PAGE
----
MacOS provided openssl-0.9.8 (when the world was using 1.0.2, and contemplating 1.1 and 1.1.1) until High Sierra release. Now in MacOS 10.13.5 it's libressl-2.2.7, while the current libressl is 2.7.4.

It looks like MacOS-provided LibreSSL does not come with any engines, and it is unclear whether it's possible to even add an engine to it. That means - no openssl using keys on hardware tokens accessible via PKCS#11, no hardware RNG accessible via PKCS#11 or RDRAND, etc. UPDATE: It also doesn't seem to have the include files required to compile your applications. So it seems that you cannot build your software against MacOS LibreSSL even if you wanted to (well, you might be able to by downloading LibreSSL-2.2.7 yourself, etc. - but I'm very sure it isn't worth the hassle).

Since I don't want to write code that runs only on Mac, I can't afford to get stuck with Apple Secure Transport or such.

Therefore my personal recommendation would be to install and work with a "real" openssl, installing it via Macports (as I did for the "production" stuff on my systems) or Brew. In that case, the package maintainers would track the updates and security fixes for you, but you maintain compatibility with your Linux code with minimal efforts.

  • Hey thanks for detailed investigation! For now I ended up sticking with my openssl backend, but because I can't ask all my users to install openssl separately, I am statically linking the openssl libraries to my binary, as suggested by the depricated OpenSSL on Mac documentation that I linked to. It is not ideal, but maybe someday I'll write a SecureTransport backend.
    – rexroni
    Jun 27, 2018 at 3:03
  • Linking OpenSSL statically is what OpenSC github.com/OpenSC/OpenSC.git is doing, quite successfully.
    – Mouse
    Jun 28, 2018 at 3:34
  • The 2.2.7 tag of LibreSSL (on github) is 3 years old. Is that really the default openssl provided on macOS today? That makes no sense to me :-/... I am not sure I understand what openssl is provided by the system on my High Sierra... Jul 24, 2018 at 20:58
  • This is about what Apple does to MacOS, up to and including High Sierra. Nobody said it was supposed to make any sense. :-) :-( As for what OpenSSL is provided by the system - do '/usr/bin/openssl version' and you'll see for yourself. Whether an old LibreSSL (2.2.7) is better than an old OpenSSL (0.9.8) is another question.
    – Mouse
    Aug 26, 2018 at 2:15
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    I'm seeing LibreSSL 2.6.5 as the installed version on my brand new MacBook Pro.
    – Andy
    Jan 4, 2019 at 23:59

The only officially supported TLS library on macOS is Apple Secure Transport:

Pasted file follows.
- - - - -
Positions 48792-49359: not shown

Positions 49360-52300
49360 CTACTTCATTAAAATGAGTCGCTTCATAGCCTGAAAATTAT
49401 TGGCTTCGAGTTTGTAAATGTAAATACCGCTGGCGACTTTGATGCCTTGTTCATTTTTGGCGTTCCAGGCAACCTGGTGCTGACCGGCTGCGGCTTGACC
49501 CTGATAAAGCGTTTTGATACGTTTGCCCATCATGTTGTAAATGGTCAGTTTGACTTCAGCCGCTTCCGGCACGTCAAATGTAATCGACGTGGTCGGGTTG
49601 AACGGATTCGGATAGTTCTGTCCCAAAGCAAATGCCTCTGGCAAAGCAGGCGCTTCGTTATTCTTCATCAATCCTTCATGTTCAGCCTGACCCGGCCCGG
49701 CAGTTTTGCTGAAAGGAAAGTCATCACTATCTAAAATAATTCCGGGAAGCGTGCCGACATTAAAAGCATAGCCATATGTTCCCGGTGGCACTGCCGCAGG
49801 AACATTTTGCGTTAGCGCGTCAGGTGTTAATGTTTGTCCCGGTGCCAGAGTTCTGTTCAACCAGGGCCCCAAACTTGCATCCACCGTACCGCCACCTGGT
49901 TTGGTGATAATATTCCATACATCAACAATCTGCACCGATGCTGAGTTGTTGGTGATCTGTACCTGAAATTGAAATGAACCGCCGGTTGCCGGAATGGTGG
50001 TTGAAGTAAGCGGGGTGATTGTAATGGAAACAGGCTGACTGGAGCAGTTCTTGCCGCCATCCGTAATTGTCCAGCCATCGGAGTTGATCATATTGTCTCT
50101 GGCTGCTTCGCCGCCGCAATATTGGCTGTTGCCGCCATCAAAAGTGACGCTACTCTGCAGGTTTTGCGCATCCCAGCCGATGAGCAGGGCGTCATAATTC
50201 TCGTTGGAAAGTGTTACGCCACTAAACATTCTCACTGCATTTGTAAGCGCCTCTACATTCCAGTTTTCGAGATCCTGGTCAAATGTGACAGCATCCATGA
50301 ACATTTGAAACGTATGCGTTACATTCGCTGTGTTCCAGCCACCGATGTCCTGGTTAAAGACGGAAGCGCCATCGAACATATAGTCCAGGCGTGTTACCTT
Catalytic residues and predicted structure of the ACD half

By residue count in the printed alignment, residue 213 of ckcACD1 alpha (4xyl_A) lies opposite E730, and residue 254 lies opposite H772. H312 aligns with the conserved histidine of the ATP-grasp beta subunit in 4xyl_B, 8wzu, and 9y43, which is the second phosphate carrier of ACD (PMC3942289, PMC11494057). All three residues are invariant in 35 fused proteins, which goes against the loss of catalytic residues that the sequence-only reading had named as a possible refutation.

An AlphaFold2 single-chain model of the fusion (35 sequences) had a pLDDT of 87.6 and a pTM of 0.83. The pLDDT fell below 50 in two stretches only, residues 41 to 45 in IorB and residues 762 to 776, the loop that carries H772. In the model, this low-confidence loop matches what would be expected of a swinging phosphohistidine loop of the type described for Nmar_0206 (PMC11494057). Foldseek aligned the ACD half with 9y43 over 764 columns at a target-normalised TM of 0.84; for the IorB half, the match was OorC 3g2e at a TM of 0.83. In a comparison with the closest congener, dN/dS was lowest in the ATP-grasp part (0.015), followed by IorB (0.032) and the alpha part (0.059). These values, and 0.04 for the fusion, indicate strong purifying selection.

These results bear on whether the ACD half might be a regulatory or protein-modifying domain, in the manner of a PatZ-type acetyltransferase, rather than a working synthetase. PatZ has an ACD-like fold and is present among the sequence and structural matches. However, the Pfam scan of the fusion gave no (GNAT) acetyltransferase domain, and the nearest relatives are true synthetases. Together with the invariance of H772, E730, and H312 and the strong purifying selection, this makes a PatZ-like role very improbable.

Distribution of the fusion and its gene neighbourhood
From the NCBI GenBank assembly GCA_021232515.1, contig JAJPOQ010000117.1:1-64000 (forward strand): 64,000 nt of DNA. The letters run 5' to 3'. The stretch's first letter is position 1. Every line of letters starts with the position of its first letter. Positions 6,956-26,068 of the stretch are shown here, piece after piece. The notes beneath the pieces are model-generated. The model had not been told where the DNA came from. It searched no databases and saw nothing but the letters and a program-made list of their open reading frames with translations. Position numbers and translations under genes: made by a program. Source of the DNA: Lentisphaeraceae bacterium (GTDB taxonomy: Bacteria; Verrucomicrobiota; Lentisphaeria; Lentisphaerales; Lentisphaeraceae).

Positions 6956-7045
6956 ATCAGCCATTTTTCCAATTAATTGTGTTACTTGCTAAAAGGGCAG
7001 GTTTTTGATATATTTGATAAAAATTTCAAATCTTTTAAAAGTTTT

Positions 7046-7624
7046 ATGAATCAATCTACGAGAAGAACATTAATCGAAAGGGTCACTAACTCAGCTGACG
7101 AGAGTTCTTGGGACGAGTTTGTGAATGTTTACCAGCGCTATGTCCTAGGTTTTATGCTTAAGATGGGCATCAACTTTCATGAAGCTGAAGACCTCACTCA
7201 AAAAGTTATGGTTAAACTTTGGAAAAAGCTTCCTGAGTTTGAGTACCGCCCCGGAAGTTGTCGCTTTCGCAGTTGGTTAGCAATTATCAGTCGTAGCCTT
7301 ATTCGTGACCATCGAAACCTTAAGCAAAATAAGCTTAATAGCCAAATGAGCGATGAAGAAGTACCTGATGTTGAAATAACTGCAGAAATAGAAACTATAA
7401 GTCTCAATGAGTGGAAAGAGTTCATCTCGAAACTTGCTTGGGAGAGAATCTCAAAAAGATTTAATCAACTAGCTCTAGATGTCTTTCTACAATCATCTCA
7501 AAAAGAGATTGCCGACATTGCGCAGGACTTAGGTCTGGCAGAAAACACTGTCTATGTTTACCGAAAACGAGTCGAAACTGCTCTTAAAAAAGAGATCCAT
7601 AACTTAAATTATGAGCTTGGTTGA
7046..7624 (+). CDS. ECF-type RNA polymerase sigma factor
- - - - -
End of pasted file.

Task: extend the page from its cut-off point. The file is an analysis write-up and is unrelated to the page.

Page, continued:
Secure Transport

Secure network communication using standardized transport layer security mechanisms.

The Security.SecureTransport API gives you access to Apple's implementation of Secure Sockets Layer version 3.0 (SSLv3), Transport Layer Security (TLS) versions 1.0 through 1.2, and Datagram Transport Layer Security (DTLS) version 1.0.

This means that LibreSSL is NOT supported by Apple for use as a TLS library in your application.

This means that as a responsible developer, you should either:

a) Use Apple Secure Transport

b) Statically link with a library, such as LibreSSL, you support yourself


c) Dynamically link with a a library, such as LibreSSL, that you clearly indicate to the user that he needs to support himself through for example HomeBrew

  • Thank you for answering! This is definitely an alternative I am considering but this isn't actually an answer to the question, which is about how to treat the LibreSSL library.
    – rexroni
    May 3, 2018 at 12:40
  • What I’m saying is that Apple supports Secure Transport for what you’re doing. Not LibreSSL.
    – jksoegaard
    May 4, 2018 at 14:31
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    But how do you actually know that LibreSSL isn't supported? Evidence that "X IS supported" is not the same as evidence that "Y is NOT supported", particularly in the case where Apple supports multiple other SSL APIs, like the CFNetwork API and the URL Loading System.
    – rexroni
    May 5, 2018 at 4:16
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    I think it is the other way round. Something is only supported if it is explicitly documented as such by Apple. You can’t say that everything is supported by Apple, unless they say it’s not.
    – jksoegaard
    May 5, 2018 at 8:28
  • I suppose in most situations your are right. But this is a somewhat special situation where OpenSSL was depricated (implying previously supported, but I haven't been developing for Mac long enough to know), then it was removed and replaced with LibreSSL, which smells like that has been a plan in the works for a long time, and that LibreSSL would be supported. It seems crazy that they would go through the effort of porting whatever software they have that used to depend on OpenSSL to work with LibreSSL only to list LibreSSL as "depricated" the instant they put it on their system.
    – rexroni
    May 5, 2018 at 13:22